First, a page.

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The Resource A theory of legitimate expectations for public administration, Alexander Brown

A theory of legitimate expectations for public administration, Alexander Brown

Label
A theory of legitimate expectations for public administration
Title
A theory of legitimate expectations for public administration
Statement of responsibility
Alexander Brown
Creator
Subject
Language
eng
Summary
It is an unfortunate but unavoidable feature of even well-ordered democratic societies that governmental administrative agencies often create legitimate expectations (procedural or substantive) on the part of non-governmental agents (individual citizens, groups, businesses, organizations, institutions, and instrumentalities) but find themselves unable to fulfil those expectations for reasons of justice, the public interest, severe financial constraints, and sometimes harsh political realities. How governmental administrative agencies, operating on behalf of society, handle the creation and frustration of legitimate expectations implicates a whole host of values that we have reason to care about, including under non-ideal conditions-not least justice, fairness, autonomy, the rule of law, responsible uses of power, credible commitments, reliance interests, security of expectations, stability, democracy, parliamentary supremacy, and legitimate authority. This book develops a new theory of legitimate expectations for public administration drawing on normative arguments from political and legal theory. Brown begins by offering a new account of the legitimacy of legitimate expectations. He argues that it is the very responsibility of governmental administrative agencies for creating expectations that ought to ground legitimacy, as opposed to the justice or the legitimate authority of those agencies and expectations. He also clarifies some of the main ways in which agencies can be responsible for creating expectations. Moreover, he argues that governmental administrative agencies should be held liable for losses they directly cause by creating and then frustrating legitimate expectations on the part of non-governmental agents and, if liable, have an obligation to make adequate compensation payments in respect of those losses. --
Assigning source
Provided by publisher
http://library.link/vocab/creatorDate
1974 December 27-
http://library.link/vocab/creatorName
Brown, Alexander
Index
index present
Literary form
non fiction
Nature of contents
bibliography
http://library.link/vocab/subjectName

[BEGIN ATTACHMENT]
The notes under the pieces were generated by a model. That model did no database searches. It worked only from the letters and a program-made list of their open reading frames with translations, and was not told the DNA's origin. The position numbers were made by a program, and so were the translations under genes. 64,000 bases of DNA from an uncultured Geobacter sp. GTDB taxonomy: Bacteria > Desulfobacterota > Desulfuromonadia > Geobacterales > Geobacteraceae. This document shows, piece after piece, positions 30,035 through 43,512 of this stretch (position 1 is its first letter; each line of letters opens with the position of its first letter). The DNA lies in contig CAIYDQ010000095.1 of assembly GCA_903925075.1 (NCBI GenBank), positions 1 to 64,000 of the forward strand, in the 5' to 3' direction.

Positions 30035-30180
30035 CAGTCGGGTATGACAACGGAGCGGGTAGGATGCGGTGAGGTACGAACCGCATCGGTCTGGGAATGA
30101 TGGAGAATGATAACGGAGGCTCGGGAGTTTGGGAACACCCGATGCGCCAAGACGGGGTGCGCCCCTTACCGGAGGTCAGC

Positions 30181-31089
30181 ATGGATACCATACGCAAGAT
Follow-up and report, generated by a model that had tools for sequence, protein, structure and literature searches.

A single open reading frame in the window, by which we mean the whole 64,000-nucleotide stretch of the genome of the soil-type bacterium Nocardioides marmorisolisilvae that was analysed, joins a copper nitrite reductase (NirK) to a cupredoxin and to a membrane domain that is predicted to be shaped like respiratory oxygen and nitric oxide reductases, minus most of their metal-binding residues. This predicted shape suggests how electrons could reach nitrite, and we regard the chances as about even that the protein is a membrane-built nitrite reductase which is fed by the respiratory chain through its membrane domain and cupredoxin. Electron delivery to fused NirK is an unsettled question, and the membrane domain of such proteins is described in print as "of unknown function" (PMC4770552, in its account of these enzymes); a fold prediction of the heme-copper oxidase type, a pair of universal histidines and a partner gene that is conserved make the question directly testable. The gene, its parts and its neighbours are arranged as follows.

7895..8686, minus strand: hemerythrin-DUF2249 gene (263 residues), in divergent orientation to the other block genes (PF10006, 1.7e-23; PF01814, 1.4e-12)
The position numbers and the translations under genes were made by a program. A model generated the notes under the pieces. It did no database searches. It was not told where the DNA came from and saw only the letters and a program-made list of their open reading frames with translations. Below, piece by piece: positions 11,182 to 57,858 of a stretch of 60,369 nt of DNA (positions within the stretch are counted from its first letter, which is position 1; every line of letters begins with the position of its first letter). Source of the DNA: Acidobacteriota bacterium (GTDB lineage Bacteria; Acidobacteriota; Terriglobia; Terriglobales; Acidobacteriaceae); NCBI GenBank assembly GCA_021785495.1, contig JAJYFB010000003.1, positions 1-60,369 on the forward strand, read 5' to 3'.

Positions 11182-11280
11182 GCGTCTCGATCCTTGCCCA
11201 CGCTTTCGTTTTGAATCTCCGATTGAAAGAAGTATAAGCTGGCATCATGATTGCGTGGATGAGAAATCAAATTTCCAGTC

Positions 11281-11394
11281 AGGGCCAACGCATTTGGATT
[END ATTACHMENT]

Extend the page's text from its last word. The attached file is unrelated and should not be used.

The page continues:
• Public administration
  • Administrative law
  • Comparative law
Label
A theory of legitimate expectations for public administration, Alexander Brown
Instantiates
Publication
Copyright
Bibliography note
Includes bibliographical references and index
Carrier category
volume
Carrier category code
  • nc
Carrier MARC source
rdacarrier
Content category
text
Content type code
  • txt
Content type MARC source
rdacontent
Contents
1: Introduction. 2: On the Legitimacy of Expectations. 3: Responsibility as Contrasted with Justice and Legitimate Political Authority. 4: Administrative Liability for Frustrated Legitimate. Expectations. 5: On the Nature and Implementation of Administrative Liability. 6: Consequentialist Grounds for the Principles of Administrative Justice. 7: Deontological Grounds for the Principles of Administrative Justice. 8: Conclusion
Control code
021072506
Dimensions
25 cm
Extent
xiv, 226 pages
Isbn
9780198812753
Lccn
2017947330
Media category
unmediated
Media MARC source
rdamedia
Media type code
  • n
System control number
(OCoLC)1001444155
Label
A theory of legitimate expectations for public administration, Alexander Brown
Publication
Copyright
Bibliography note
Includes bibliographical references and index
Carrier category
volume
Carrier category code
  • nc
Carrier MARC source
rdacarrier
Content category
text
Content type code
  • txt
Content type MARC source
rdacontent
Contents
1: Introduction. 2: On the Legitimacy of Expectations. 3: Responsibility as Contrasted with Justice and Legitimate Political Authority. 4: Administrative Liability for Frustrated Legitimate. Expectations. 5: On the Nature and Implementation of Administrative Liability. 6: Consequentialist Grounds for the Principles of Administrative Justice. 7: Deontological Grounds for the Principles of Administrative Justice. 8: Conclusion
Control code
021072506
Dimensions
25 cm
Extent
xiv, 226 pages
Isbn
9780198812753
Lccn
2017947330
Media category
unmediated
Media MARC source
rdamedia
Media type code
  • n
System control number
(OCoLC)1001444155

Library Locations

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